Obree successful in breaking world prone speed record
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Saturday, September 14, 2013

Obree successful in breaking world prone speed record

by Shane Stokes at 9:43 AM EST   comments
Categories: Pro Cycling
Former hour record holder to retire from speed attempts after one final effort today

Graeme ObreeAlthough his hopes of breaking the 100 mph barrier proved a long way off the mark, Graeme Obree’s two year project to set a new world record was successful yesterday when the Scotsman went faster than the previous best for the prone category.

Obree was using the chest downwards [prone] position, and using his self-designed and constructed ‘Beastie’ bike – at the World Human Speed Championships at Battle Mountain, Nevada.

Obree had previously set a speed of 52.9 miles per hour, but after two unsuccessful runs yesterday – where his bike toppled over soon after starting – a third attempt proved far better and he clocked a speed of 56.62 miles per hour.

Obree was elated at the result, not least because the design of his machine wasn’t as successful as he had originally expected.

“The last week has been a bit stressful. The Beastie has been 20mph off her pace and I’ve spoken to competitors with backgrounds in aerodynamics about why it hasn’t gone quicker,” he said, according to the Daily Record.

“Everyone has been too polite to tell me the shape’s a piece of s***. Eventually, they let on. The mechanics of the bike are good but there are problems with the skin casing and the way the air flows over it.”

Obree made most of the bike at home in his kitchen, although he had assistance in creating the aerodynamic shell which encased it. He said that he was unlikely to return next year, stating that the machine would require a complete reconstruction and he felt he had already put enough time into it.

He will aim for one more record today, with the University of Toronto team offering him the chance to use their Vortex recumbent bike today. It uses a standard recumbent position rather than the prone setup, and Obree will target the British mark of 67.4mph set by Ron English in 2002.

The absolute speed record is Sam Whittingham’s 2009 record of 82.9mph, set at the same Battle Mountain location.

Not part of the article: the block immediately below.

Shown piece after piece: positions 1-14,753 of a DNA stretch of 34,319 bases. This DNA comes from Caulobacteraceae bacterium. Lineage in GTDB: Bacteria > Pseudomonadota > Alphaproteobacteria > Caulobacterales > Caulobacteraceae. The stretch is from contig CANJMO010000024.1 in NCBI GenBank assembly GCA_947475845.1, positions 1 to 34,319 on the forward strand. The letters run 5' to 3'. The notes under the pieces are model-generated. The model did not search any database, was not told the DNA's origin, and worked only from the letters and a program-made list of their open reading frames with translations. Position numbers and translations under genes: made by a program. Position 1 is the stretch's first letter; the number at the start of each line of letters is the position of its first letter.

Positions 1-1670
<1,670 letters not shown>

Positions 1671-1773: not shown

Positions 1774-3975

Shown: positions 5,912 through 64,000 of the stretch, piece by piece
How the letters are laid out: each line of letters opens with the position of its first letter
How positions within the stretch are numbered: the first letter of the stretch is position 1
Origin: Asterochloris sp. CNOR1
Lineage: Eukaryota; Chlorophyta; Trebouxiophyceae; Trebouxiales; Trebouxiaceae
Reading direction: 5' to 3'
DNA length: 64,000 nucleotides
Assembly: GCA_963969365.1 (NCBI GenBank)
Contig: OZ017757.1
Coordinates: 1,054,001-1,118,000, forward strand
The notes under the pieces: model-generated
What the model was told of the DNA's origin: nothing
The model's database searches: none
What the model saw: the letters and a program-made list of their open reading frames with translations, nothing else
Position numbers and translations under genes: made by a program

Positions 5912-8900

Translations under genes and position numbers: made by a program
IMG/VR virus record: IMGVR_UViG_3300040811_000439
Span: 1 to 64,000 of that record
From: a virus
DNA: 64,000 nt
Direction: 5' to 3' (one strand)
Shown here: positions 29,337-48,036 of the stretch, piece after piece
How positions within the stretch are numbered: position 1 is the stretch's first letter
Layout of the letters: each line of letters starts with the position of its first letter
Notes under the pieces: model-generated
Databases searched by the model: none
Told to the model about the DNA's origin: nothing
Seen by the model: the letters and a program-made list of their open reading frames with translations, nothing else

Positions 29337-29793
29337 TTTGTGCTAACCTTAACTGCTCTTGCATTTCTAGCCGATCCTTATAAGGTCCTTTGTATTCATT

Long history of record breaking and lateral thinking:

In the 1990s Obree was famed both for his time trial ability and also his capacity to think outside the box. He pioneered an aerodynamic position using upturned handlebars, with his elbows tucked under his chest, and riding a peculiarly designed bike nicknamed Old Faithful. He successfully beat Francesco Moser’s long-standing world hour record on July 17th 1993.

Despite having failed in his attempt the day before, Obree tried again less than 24 hours later, riding 51.596 kilometres to beat Moser's record of 51.151 kilometres by 445 metres.

This mark was beaten by English rider Chris Boardman on July 23rd. He clocked a distance of 52.270 kilometres using a more standard position.

However after the UCI banned his tuck, Obree went back to the drawing board and pioneered the so-called ‘Superman’ position, where his arms were fully extended in front of him.

This proved to be even faster and he took the record again on 19 April 1994, riding 52.713 kilometres on the Bordeaux velodrome.

Obree also took individual pursuit world championship titles in 1993 and 1995. He secured a pro contract to race with the Le Groupement team in 1996 but didn’t turn up at a team appointment and was fired. He said afterwards that he was disillusioned as he had realised he would have to take doping products as part of the team.

He made clear his opposition to performance enhancing drugs and said he didn’t want to race professionally as a result. This led to criticism by the then-UCI President Hein Verbruggen, who said "I find it cowardly, there is no other word."

Verbruggen also criticised others who spoke out against doping, including Paul Kimmage and the Frenchman Giles Delion.

The Festina Affair in 1998 proved that all three were correct, and that Verbruggen’s insistence that there was not a problem was false.

Now 47 years of age, he has indicated that his current record attempt is his final competitive outing. This morning’s attempt on the standard recumbent record will likely be the last time he aims to set a world mark, with Obree saying he wants to simply ride to enjoy the bike from this point on.


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